How does ketamine affect the brain? You know, that, that I would say is the first way that we use ketamine in psychiatry. The second way can really be at low sublingual doses. So that's an oral dose, you really can't swallow ketamine once it gets into the GI tract that the acidic nature of your stomach will kill it. So you have to hold a lozenge in your mouth.
Swish, swish, swish it, it's really kind of weird but 15 minutes of swishing and you don't want to swallow and your body this is a it's a very non exact way, sure, to the body because your body the Buechel mucosa is only probably taking up maybe 20 to 30%
on who could really swish around for 15 minutes without swallowing a little bit.
whyy, why would somebody go sub or sublingual or lozenge as opposed to intramuscular
That space, a lighter dose. But usually the way to use that is in the confines of a psychotherapy relationship. So I've seen this patient, I've worked with this patient for a while. And I really feel like this would be a good way for them to begin to explore things that it's very hard for them to talk about painful memories, painful relationships, people that think their nervous system just gets really activated if they ever talk about their mom. So we can't ever really talking about the pain that they have with
the source of the hole.
Exactly, So you know, you can get to that in psychotherapy. And I would say using a sublingual dose is just a way to kind of fast forward that psychotherapy work. Yeah. And so in a state of a light dose, but here it is your brain swirling and kind of glutamate and serotonin. And then people are able to talk about difficult things in this concept of kind of, I love myself and I trust myself, and it really is that self trust that allows people to talk about their mom. And actually even it's, it's so beautiful when I see people be able to take a person that has caused them a huge amount of pain. And in that kind of ketamine psychotherapy space, really say, you know, my mom was a really flawed person and a lot of pain,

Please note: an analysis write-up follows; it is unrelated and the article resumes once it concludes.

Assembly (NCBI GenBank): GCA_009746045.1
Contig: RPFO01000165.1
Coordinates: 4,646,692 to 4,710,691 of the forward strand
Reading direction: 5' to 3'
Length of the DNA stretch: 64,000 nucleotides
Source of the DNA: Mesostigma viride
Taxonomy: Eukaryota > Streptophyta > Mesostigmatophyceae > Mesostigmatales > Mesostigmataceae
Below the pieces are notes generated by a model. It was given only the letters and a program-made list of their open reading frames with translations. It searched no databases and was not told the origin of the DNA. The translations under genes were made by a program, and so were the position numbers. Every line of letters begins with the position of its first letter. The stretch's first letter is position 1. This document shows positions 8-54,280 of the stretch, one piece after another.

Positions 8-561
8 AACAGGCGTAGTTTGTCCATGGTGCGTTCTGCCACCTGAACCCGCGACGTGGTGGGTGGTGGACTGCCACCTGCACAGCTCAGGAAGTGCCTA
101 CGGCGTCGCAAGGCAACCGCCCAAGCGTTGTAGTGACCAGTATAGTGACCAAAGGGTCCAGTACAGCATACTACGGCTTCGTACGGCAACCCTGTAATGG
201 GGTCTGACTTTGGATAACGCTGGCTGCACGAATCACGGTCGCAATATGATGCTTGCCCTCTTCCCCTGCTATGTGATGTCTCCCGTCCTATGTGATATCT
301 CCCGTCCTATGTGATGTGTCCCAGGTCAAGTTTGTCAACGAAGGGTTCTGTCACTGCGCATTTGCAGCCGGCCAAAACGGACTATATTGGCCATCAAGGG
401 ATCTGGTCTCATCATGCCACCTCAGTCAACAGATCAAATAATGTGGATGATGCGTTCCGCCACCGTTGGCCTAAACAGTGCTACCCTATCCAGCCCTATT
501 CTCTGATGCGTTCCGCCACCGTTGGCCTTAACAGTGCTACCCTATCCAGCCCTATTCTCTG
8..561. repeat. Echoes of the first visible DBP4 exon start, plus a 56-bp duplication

to see that. It wasn't just directed at them that they were also experiencing
rise up above that victim story, if you will, and see that there's, there's just a lot of pain. And in that ketamine lubricated space, they can explore these ideas without it being threatening without their nervous system, shutting them down.
Right. It seems like it it's also this, I like that phrase ketamine lubricated space, it sort of cuts through this shame, like,
shame, it's a shame
seems to get in the way of like, that's what would hold me back from talking about things like because I'm ashamed of them, you know, and but for whatever reason, the substances can like pull those inhibitions away. And yeah, it's like that self love, like, why would I be embarrassed about this?
Why am I blaming myself when trauma follows you around in a ruminative kind of way? I believe that at the core, there is some still child brain activity that I should have done something else to avoid having been in this situation.
And even if it's not a conscious thought, there is a way that in that space, people can forgive themselves and others for that pain.
Yeah. What about man I had a thought from